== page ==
I’ve been at this problem for weeks now. It’s rated a V4, which is just outside of my current skill level, but if I can do it it’ll mean that I’m back to my pre-deployment peak condition.
It’s a sit-start problem, so I start sitting down with my hands in a hold and my feet toed into the two tiny chips that count as footholds. I breathe slowly to calm my heartbeat, visualize myself as pro climber Chris Sharma, and I swing onto the problem. The first two moves come easily, and I flow through them like a choreographed dance. My entire body moves efficiently, precisely placing each finger or toe on the next hold without any excess movement. I get to the first tricky part: a very high reach onto a sketchy sloped pocket. I walk my feet up to the wall to reach the highest toeholds available and launch myself upwards, while simultaneously reaching with my left hand. My left hand somehow finds purchase inside this sloped hold, and my right hand quickly shoots up next to my left. I walk my feet up again, and I place my right foot onto the last remaining toehold. I look up at the next move: the end of the problem. I psych myself up again, forcing myself to remember to breathe and try to slow down my heartbeat. My handgrip won’t last much longer in this position so I have to move soon. I give myself another second or two, then focus all my weight onto my right toe and get into a crouch on the wall. With an exhale of breath, I explode off of my right toe and my right hand shoots up to reach for the final hold in one dynamic motion. The top part of my fingers feel the top of the last hold for a fraction of a second, and I do everything I can to hold on.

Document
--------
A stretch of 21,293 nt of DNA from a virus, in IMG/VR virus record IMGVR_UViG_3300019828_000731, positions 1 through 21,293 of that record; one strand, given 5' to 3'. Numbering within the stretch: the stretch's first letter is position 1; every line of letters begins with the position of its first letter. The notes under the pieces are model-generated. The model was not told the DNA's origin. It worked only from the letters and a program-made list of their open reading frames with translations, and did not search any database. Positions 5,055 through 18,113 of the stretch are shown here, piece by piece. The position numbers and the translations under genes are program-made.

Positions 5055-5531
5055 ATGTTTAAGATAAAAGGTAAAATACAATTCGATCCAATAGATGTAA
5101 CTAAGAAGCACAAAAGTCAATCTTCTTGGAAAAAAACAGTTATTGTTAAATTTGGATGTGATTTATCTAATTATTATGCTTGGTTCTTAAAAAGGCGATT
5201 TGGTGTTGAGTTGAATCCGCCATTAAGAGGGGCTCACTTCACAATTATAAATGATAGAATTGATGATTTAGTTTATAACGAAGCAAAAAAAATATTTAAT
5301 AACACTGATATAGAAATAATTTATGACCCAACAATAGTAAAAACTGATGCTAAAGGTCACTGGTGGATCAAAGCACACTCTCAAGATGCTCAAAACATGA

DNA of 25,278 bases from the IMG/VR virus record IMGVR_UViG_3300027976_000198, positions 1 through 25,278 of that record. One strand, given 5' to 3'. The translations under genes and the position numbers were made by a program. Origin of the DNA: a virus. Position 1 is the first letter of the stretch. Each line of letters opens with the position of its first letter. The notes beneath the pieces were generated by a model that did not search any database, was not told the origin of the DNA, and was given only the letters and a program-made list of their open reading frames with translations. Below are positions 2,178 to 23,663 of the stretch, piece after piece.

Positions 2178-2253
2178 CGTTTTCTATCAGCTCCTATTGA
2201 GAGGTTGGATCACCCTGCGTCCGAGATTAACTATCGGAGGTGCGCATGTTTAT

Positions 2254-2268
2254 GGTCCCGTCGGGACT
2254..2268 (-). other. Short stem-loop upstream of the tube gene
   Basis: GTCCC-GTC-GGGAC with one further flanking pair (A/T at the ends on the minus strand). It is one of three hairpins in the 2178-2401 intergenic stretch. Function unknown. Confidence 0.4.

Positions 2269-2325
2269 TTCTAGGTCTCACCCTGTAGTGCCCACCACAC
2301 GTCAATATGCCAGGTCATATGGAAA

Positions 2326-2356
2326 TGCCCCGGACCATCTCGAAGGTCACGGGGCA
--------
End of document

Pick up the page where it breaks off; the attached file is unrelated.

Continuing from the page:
Another fraction of a second later, I’m falling. Another failed attempt at this problem. I give myself a couple of minutes to rest, and I repeat this process again. Over, and over, and over. At least 10 times over the course of an hour. Every time, I fail.
That’s lame, why do it?
Climbing is special to me because it rewards repeated failure. And within the special subset of climbing that I do (bouldering), I get to fail often, and fast. In a way, failure is the point. In climbing, the fastest way to improve your technique is to climb at or near your limit. There’s no substitute for being on the wall. Nothing compares to the feeling of being on the route, where you have to do a special kind of gymnastics just to slowly move upward. You learn something new on every attempt, and your body discovers different ways to solve the problem. By failing fast, failing often, and learning from your mistakes, you can accelerate your own growth within the sport.
I believe in the educational power of failure. It translates well to learning snowboarding tricks: the more jumps and attempts you can fit in on one session, the faster you’ll learn. In my experience with advanced research and development, you want to test as often as you can so you can learn from the results and get some insights. Thomas Edison supposedly said: “I have not failed. I’ve only found 10,000 ways that won’t work.”
Repeated failures are the price we pay for eventual success – and the more you invest in a problem and the more you pay, the bigger the payoff. The feeling of climbing to the top of a problem that you’ve been working on for weeks is priceless. The feeling of landing that new snowboard trick. The feeling of reaching a new level of mastery in your skill or profession. It gives meaning to all the hard work, and makes you even hungrier for the next one. It builds your resilience in the face of discouraging conditions and challenges. It’s the feeling that makes you want to shout at the top of your lungs and punch the air.
There are, however, a couple of things I wouldn’t want to fail on: skydiving and bungee jumping. Those activities teach a lesson that you won’t walk away from!